The Pandemic Puppy Problem

The Pandemic Puppy Problem
August 18, 2021 TAPS

Last year, shelters across the United States encountered one of the best problems you could hope for. As the coronavirus forced more people indoors and as more individuals began working from home, more families began adopting companion animals for their family. Animals were leaving shelters in record numbers, often faster than shelters could find new animals to fill the empty kennels.

According to the Washington Post, a database called Shelter Animals Count, tracks adoptions across 500 rescue organizations nation-wide. Halfway through last year, the database recorded 26,000 more pet adoptions in 2020 than in the year before — a rise of about 15 percent. In April near the beginning of the pandemic, it saw the national pet adoption rate jump 34 percent over the same time a year earlier, according to the group’s “Covid-19 Impact Report.”

Many people found themselves considering becoming new pet owners during the pandemic due to reasons like having more time to train a dog, less worry about pets interfering with social events and travel, companionship to help with feelings of isolation, and more time to dedicate to a new pet in general.

However, the trend was all but temporary as people returned to work this year and continue to push for a “return to normal”. Shelters across the nation are now inundated with dogs and cats, experiencing increasing and alarming rates of animal returns and surrenders, a situation made even worse by the slow trickle of applications that are coming in as demand for a new family companion has plummeted. According to Best Friends Animal Society, owners returning their pets has risen 82.6 percent since 2020.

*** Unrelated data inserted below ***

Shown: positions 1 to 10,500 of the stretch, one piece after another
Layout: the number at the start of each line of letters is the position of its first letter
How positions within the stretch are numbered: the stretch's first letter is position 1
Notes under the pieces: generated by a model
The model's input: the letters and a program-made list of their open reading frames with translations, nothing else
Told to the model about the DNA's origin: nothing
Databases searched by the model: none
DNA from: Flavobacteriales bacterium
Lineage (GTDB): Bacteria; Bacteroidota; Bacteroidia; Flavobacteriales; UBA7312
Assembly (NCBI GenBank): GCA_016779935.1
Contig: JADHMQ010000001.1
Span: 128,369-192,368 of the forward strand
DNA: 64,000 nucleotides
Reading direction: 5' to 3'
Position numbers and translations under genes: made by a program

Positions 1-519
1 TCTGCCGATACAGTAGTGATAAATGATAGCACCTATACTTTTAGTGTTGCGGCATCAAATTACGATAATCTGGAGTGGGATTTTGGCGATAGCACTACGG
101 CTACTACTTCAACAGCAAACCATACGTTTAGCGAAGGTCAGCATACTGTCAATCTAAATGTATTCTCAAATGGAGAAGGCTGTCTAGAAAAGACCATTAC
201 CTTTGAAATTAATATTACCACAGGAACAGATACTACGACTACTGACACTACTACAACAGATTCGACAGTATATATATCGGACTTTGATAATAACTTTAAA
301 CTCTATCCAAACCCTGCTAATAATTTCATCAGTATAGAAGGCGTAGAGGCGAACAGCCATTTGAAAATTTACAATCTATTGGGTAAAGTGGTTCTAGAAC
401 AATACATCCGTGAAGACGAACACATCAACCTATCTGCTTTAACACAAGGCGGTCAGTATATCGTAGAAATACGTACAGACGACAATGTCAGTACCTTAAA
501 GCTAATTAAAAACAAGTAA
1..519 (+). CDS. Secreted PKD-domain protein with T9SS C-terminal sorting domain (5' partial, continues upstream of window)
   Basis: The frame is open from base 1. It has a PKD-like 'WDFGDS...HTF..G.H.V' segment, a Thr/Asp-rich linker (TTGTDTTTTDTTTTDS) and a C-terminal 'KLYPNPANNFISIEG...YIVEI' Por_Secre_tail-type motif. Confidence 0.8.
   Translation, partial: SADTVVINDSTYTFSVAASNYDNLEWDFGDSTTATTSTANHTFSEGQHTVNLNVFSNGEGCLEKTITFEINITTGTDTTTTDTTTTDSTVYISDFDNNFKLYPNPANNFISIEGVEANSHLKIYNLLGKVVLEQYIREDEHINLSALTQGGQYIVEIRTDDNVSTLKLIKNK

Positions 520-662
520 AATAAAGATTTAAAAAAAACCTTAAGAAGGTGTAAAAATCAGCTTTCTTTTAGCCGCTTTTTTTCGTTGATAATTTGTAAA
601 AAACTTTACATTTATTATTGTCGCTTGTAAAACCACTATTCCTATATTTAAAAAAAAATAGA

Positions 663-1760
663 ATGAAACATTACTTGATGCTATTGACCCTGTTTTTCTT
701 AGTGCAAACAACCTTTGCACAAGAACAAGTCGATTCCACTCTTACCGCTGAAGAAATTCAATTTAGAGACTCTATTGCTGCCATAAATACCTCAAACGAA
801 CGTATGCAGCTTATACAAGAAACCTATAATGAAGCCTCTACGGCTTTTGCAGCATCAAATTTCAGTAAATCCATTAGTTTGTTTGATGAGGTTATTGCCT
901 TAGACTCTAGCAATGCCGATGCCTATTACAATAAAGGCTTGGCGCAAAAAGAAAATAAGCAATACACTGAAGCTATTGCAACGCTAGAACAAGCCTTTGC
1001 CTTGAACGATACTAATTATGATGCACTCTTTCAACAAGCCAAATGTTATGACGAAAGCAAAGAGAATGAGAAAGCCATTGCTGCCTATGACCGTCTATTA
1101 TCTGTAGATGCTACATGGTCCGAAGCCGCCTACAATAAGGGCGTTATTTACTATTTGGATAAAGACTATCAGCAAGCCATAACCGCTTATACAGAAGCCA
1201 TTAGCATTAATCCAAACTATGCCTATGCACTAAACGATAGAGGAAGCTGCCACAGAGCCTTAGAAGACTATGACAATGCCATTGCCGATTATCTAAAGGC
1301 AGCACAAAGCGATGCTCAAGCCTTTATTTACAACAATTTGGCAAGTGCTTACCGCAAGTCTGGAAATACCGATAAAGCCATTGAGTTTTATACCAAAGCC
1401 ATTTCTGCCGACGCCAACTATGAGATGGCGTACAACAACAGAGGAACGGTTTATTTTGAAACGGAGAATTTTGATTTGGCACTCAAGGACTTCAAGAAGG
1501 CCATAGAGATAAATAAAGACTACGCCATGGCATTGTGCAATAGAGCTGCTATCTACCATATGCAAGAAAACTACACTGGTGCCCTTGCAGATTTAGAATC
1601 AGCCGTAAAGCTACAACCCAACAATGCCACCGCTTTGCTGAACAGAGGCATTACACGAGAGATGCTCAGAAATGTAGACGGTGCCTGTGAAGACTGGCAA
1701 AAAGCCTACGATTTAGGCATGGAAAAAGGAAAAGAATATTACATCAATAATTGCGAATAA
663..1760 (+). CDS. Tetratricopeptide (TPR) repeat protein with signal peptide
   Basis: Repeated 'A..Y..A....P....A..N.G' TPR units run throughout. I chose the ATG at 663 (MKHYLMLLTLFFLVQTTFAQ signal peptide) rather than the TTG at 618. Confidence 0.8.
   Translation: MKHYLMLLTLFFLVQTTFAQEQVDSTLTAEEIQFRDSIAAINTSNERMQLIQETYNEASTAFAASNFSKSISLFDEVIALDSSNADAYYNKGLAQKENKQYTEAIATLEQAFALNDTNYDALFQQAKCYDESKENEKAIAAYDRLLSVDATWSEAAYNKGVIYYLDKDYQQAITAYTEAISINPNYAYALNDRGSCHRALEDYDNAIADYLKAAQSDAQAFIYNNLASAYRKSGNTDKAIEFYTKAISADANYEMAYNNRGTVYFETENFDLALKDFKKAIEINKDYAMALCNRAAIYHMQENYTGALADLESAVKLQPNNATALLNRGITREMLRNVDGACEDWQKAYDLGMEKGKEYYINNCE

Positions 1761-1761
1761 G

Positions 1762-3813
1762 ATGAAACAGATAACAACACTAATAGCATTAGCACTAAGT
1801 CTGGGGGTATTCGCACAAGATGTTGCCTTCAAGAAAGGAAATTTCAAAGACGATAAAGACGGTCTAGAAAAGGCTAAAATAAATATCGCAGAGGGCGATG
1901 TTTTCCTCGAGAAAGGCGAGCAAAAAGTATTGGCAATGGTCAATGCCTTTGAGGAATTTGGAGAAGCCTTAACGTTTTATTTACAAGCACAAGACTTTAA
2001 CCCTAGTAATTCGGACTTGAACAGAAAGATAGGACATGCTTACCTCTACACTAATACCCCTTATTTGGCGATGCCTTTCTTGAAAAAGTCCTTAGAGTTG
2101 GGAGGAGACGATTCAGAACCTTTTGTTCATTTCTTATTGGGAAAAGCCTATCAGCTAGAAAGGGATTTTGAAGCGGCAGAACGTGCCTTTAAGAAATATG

Many of the returns we have seen here at TAPS are dogs that are around year in age. Because they were not able to be properly socialized during the pandemic, many are in need of obedience and behavioral training. Some come potty trained, but not all. Some are comfortable around children, some are not. This can be problematic for dogs especially as these unique behavioral traits can extend their stay at the shelter. Compound that with the fact that older dogs are only 25% likely to get adopted, while puppies have a 60% chance, according to the ASPCA and you end up with an animal that gets constantly overlooked at the shelter, resulting in an increase of “long-term” shelter dogs.

But there is no reason why families returning to work and school can’t keep their pets. Dogs, on average sleep 8-13 hours a day and according to the AKC, spend as much as half of their days asleep, 30 percent awake but relaxing, and just 20 percent being active. How much sleep an animal needs can depend on breed, health, and age, for example puppies may need up to 18 hours of sleep a day. Similarly, cats can sleep anywhere between 15-20 hours a day depending on breed and age factors. There’s a reason why we have the term “cat nap”!

Our pets have been there for us during one of the toughest years in recent history for many people. Last year, many of us sought out these animals to comfort us during “The Great Pause”, a time of uncertainty, sorrow, and difficulty. It’s time we honor the commitments and fulfill the promises we made to our companion animals to be there for them, when they were there for us. Reconsider surrendering and returning your animals; however, if you must, please return them back to us, we will take them with open, welcoming arms, a warm bed, loving staff, and all the treats they could want.